A receiver dead time signal is applied to the module 42 from a control module 48 of the section 14 over a line 50. The receiver dead time gate is generated after each transmitted output pulse to prevent the passage of another pulse until after the daad time has elapsed. This arrangement helps to suppress echos that may exist because of the site location.
The identity logic section 12 generates the identifying message applied to the antenna line 18 and injects it into the transmitted output at the proper time intervals. The message consists of the station call letters sent in international Morse code. Output pulses from the receiver section 10 as appearing on the line 46 are applied to an identity priority module 56. During most of the total operating time, the identity priority module 56 passes squitter-interrogation signals through to the control module 48 and a control module 58 in the section 14. An identity generating circuit periodically calls for transmission of identification information. During these periods, the identity priority card blocks all receiver output pulses and substitutes the-identity signal. The identity signal consists of a consistent .pattem of pulses at a 1,350 Hz repetition rate. The pulses are keyedin international Morse code by an identity control logic module 60 in the section 12. A group of code selector switches (not shown) on the receivertransmitter front panel are set for the desired identity code. Normally, identity pulses are derived from reference triggers generated in the antenna assembly except when the transponder is operating in the distance only mode (DOM). Under this condition, the 1,350 Hz identity pulses are generated by a signal generated in the identity priority module 56. The identity control logic receives time based pulses from a time based generator 62 and is interconnected with an identity sequencer 64 to provide the proper time base for the identity logic section 12. Also coupled to the logic section 12 is aTA- CAN/DOM signal on line 66 for establishing when the transponder operates in the DOM mode or the TACAN mode.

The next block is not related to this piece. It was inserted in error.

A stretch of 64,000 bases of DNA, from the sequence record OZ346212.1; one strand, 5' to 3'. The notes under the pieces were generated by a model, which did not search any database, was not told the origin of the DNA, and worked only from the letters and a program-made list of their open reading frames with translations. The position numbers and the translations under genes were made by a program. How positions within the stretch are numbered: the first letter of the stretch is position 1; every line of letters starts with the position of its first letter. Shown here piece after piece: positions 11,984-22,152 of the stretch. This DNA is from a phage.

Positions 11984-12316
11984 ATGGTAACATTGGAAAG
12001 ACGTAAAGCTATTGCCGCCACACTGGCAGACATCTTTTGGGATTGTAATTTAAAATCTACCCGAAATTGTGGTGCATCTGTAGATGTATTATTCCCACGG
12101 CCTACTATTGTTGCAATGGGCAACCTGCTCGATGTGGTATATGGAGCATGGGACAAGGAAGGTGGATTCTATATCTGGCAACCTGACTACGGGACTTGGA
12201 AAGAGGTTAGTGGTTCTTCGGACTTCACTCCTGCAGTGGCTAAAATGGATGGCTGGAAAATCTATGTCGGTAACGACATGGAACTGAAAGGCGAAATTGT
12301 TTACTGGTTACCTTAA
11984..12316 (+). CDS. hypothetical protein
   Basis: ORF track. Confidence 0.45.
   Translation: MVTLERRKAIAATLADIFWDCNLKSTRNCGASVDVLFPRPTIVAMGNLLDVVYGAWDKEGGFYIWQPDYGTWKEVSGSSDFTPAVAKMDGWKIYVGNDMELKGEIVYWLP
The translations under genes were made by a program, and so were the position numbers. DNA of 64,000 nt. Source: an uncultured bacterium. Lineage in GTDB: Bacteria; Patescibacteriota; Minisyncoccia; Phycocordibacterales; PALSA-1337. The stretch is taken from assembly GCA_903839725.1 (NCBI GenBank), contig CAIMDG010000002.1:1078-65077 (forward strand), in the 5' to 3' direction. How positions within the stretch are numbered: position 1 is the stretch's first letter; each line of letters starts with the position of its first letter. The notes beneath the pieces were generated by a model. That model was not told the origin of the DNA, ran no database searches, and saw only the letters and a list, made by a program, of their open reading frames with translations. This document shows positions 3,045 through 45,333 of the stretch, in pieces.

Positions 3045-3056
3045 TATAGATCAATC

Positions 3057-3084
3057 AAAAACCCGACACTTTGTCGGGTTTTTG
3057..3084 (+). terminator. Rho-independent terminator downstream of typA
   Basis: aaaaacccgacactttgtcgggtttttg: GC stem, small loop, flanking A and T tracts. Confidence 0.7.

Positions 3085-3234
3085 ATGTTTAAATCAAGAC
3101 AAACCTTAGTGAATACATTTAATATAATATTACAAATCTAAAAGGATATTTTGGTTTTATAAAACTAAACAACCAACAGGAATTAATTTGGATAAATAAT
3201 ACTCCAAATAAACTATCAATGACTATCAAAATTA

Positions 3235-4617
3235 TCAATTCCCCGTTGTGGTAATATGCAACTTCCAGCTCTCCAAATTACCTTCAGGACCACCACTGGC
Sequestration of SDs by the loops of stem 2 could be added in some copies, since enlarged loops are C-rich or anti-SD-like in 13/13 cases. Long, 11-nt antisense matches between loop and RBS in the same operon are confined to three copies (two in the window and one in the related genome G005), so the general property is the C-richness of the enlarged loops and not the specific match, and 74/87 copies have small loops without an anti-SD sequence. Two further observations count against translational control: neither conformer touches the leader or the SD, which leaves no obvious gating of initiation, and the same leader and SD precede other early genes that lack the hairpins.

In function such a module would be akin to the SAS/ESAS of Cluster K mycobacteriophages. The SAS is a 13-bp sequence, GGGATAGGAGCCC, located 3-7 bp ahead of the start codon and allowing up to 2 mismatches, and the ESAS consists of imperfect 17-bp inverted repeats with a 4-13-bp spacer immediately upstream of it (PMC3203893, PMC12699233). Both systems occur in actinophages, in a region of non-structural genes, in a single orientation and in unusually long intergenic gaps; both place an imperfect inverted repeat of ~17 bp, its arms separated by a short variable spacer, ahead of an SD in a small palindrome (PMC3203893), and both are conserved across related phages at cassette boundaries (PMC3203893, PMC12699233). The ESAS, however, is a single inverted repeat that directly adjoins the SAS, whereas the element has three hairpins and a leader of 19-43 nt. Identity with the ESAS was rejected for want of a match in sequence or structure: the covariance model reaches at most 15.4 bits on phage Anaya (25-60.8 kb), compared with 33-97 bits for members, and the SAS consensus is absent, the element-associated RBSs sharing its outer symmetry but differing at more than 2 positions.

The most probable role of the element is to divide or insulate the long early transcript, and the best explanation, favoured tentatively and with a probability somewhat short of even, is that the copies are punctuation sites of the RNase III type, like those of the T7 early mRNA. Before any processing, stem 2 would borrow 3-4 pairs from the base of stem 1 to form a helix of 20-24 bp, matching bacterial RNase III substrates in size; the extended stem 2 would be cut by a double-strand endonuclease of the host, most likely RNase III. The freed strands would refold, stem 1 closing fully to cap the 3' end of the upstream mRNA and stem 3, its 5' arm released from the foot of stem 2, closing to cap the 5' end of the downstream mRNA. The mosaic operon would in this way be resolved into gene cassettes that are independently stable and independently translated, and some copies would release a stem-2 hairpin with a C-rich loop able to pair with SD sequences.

The control and transmitter section 14 processes pulses received from the identity priority module 56 and converts them into high energy R.F. pulses at the transmit frequency. The output pulse train consists of either the receiver output pulses or the identity pulses as applied to the control units 48 and 58. The control unit 48 generates a North reference burst pulse group and an auxiliary reference burst pulse group which are inserted into the output pulse train for hearing information. The reference bursts are generated using 15 Hz and 135 Hz reference trigger inputs from the antenna assembly as described in the copending application of Sidney Pickles et al., Radio Frequency Antenna System. The control unit 48 also establishes precedence for these signals over the receiver and identity signals. The control module 58 receives signals from the control module 48 along with a transfer inhibit, and standby inhibit signal from. a control transfer switch 68. In addition, the control module 58 receives through the switch 68 a test/timing gating signal from a test/timing module 70.
If a fault is detected in the receiver-transmitter operation, a low level signal from the control-transfer switch 68 causes the control module 58 to block the output of the unit and allows a standby unit to begin operation. With all signals present, the output of the control module 58 is an encoder-trigger signal containing all the information to be transmitted. An encodermodulator module 72 accepts the control circuit output and generates the 12 microsecond pair of reply pulses on a line 74. The modulator circuit portion of the module 72 processes the encoder circuit output pulses and generates a pulse to gate on a transmitter frequency multiplier 76 through the testing/timing module 70. The transmitter frequency multiplier 76 connectes to the receiver-transmitter oscillator 31 which may be an oscillator circuit having frequency control by coupling to a crystal 78. The transmitter frequency multiplier 76 delivers a gated R.F. pulse to the RF. amplifier and preselector and triggers a blanking gate via a signal transmitted to the module 70 over a line 80.